How to Write a Salary Negotiation Letter

Salary negotiation letters are beneficial early on, but they also ensure you're paid better later, too.

Employers often set basic salaries lower than the standard for their industry in the hope of reducing company costs. Employees often don't negotiate for higher wages--they're willing to settle for a lower wage in return for the chance to build their resume. To get a salary that is closer to the industry standard, you should write a salary negotiation letter to your employer. These letters work best during the hiring process, but you'll also find them useful if you think you deserve a raise or added benefits later on.

Step 1

Tell your employer you are enthusiastic about being able to work for the company. Thank the employer for the months or years of employment you've had if you've been working for the employer for a while.

Step 2

Remind the employer of their original salary offer. Include the name of who made the offer if it was made by a representative other than your boss. Also indicate the date of the offer and the method by which it was delivered.

Step 3

Write a sentence that indicates what salary you think is more fair given the industry and your skills and experience. Follow this with examples of wages for similar positions in other companies to justify your request. It's not enough just to present a number---you have to prove you know your employment is worth.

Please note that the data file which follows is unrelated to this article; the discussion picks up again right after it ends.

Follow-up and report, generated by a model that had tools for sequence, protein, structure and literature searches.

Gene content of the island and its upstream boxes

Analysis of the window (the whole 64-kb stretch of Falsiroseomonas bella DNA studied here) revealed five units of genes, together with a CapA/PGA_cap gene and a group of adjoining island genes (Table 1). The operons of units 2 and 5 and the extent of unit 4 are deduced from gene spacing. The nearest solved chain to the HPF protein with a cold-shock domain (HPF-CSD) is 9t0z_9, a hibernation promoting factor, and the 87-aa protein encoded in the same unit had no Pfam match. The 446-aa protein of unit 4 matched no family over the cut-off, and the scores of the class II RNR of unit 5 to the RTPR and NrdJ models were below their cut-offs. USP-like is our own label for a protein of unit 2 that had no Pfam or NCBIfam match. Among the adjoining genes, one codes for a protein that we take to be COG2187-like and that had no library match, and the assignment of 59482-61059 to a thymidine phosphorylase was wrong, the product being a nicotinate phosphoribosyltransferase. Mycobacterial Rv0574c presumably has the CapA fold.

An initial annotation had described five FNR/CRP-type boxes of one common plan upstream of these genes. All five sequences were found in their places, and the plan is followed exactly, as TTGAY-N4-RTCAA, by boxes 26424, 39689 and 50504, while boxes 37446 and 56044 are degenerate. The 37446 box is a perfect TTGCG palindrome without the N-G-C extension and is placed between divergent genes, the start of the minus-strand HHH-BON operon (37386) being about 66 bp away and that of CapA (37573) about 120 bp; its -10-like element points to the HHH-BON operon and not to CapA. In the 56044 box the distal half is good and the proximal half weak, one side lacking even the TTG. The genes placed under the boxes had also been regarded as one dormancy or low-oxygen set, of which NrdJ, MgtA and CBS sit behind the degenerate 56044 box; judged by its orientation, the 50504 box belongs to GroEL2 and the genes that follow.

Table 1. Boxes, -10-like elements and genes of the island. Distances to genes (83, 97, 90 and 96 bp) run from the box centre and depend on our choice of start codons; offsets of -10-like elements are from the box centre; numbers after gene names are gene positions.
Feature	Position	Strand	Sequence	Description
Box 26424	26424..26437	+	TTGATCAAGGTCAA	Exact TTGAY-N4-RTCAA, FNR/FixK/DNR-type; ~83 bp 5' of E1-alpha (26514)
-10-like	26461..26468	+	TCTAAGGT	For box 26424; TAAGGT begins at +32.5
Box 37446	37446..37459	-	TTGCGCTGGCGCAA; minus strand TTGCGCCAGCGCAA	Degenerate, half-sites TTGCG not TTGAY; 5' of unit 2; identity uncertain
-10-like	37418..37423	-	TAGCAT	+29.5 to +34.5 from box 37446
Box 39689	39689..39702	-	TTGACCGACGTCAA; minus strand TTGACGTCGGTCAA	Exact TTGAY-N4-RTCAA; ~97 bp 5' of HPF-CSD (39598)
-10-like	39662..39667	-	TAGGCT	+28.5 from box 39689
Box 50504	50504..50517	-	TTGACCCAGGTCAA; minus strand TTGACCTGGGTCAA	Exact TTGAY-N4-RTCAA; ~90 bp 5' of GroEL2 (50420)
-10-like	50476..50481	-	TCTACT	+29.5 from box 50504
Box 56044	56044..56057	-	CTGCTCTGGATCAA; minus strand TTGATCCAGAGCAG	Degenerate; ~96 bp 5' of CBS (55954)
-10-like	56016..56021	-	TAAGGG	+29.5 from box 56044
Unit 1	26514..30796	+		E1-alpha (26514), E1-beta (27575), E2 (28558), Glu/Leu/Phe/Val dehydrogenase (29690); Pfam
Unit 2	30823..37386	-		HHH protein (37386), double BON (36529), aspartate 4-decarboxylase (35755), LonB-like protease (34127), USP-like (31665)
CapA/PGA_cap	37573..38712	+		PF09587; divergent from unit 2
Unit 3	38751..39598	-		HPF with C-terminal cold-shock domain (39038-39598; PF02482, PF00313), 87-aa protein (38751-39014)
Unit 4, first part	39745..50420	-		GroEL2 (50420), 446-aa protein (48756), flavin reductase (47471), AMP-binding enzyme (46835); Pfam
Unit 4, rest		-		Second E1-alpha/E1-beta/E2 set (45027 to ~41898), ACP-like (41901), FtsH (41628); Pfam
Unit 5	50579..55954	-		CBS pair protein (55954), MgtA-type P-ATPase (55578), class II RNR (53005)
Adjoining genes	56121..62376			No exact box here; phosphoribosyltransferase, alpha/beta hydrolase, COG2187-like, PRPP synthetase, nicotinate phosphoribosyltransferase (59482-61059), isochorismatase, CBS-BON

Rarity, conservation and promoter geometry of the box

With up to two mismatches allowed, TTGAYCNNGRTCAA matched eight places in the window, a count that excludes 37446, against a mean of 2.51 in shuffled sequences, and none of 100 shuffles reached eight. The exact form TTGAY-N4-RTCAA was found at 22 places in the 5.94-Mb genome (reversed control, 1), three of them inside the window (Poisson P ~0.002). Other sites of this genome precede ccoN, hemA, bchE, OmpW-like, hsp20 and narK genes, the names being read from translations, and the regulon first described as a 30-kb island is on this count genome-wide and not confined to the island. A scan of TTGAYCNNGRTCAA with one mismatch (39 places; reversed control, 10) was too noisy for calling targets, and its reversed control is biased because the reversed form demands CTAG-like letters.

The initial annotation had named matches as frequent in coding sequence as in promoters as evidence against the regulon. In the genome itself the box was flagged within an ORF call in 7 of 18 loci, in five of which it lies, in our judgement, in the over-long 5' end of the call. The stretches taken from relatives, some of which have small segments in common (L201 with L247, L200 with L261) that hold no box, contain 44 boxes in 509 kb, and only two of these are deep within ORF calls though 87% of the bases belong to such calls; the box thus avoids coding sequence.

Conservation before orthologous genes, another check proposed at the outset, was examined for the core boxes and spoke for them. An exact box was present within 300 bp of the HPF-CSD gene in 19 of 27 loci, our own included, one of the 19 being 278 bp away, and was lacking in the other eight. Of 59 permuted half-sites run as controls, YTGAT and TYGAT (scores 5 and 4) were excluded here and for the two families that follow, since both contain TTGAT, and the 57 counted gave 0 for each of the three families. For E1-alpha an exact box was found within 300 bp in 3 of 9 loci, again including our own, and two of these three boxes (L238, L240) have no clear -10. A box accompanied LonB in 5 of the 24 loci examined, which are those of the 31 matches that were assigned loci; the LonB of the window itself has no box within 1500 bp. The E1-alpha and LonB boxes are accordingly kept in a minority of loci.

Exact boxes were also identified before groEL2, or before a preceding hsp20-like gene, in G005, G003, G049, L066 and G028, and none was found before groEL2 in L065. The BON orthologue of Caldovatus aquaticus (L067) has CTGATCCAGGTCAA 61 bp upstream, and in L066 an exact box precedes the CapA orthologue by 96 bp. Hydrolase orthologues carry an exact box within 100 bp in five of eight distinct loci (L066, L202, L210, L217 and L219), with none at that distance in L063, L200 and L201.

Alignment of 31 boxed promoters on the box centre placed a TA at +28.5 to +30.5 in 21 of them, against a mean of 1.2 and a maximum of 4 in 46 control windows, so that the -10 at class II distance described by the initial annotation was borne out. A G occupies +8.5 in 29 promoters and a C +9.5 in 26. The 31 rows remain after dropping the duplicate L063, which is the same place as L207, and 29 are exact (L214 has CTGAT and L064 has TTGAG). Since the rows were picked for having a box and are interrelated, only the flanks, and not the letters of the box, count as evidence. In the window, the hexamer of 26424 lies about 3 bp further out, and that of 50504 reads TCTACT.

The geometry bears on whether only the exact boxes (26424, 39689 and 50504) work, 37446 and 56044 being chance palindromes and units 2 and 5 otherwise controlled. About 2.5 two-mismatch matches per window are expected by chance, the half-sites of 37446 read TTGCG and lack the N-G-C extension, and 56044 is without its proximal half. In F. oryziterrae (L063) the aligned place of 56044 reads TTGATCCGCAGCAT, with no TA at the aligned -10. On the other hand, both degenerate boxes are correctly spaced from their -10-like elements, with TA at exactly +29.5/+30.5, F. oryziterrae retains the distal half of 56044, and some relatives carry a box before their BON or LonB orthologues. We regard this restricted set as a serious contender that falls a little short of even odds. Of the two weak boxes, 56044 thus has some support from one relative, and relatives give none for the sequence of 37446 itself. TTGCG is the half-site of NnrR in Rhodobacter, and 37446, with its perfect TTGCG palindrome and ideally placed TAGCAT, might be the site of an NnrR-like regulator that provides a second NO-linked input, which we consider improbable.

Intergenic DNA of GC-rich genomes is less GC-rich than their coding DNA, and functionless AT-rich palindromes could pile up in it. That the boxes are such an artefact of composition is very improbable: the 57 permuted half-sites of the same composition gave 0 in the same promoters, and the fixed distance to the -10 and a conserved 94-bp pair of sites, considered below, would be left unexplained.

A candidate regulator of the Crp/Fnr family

Step 4

Address other negotiation points like paid vacation and bonuses, if necessary. The main point of the salary negotiation letter is to establish your general wages, but it looks more professional and organized to address all your concerns at once. It also makes it easier on the Human Resources department to have a single document dealing with your financial and benefits compensation.

Step 5

Inform your employer of competitive offers you might have received that are in range of your desired salary. This shows you are serious about getting the pay you deserve. Employers often act positively to this technique because they understand that it's more expensive to lose you to a competitor than it is to give you better compensation.

Step 6

Invite your employer to set up a meeting in which you can discuss the negotiation further.

Step 7

Tell the employer you're looking forward to reaching a salary deal that is suitable for both you and the company. State that you are excited about getting to work with the new salary package and instruct the employer on how to contact you with questions or concerns.

Tip

Negotiating a salary is as much about keeping a good relationship with your employer as it is about providing data. Be firm in your letter, but be polite and don't issue demands.

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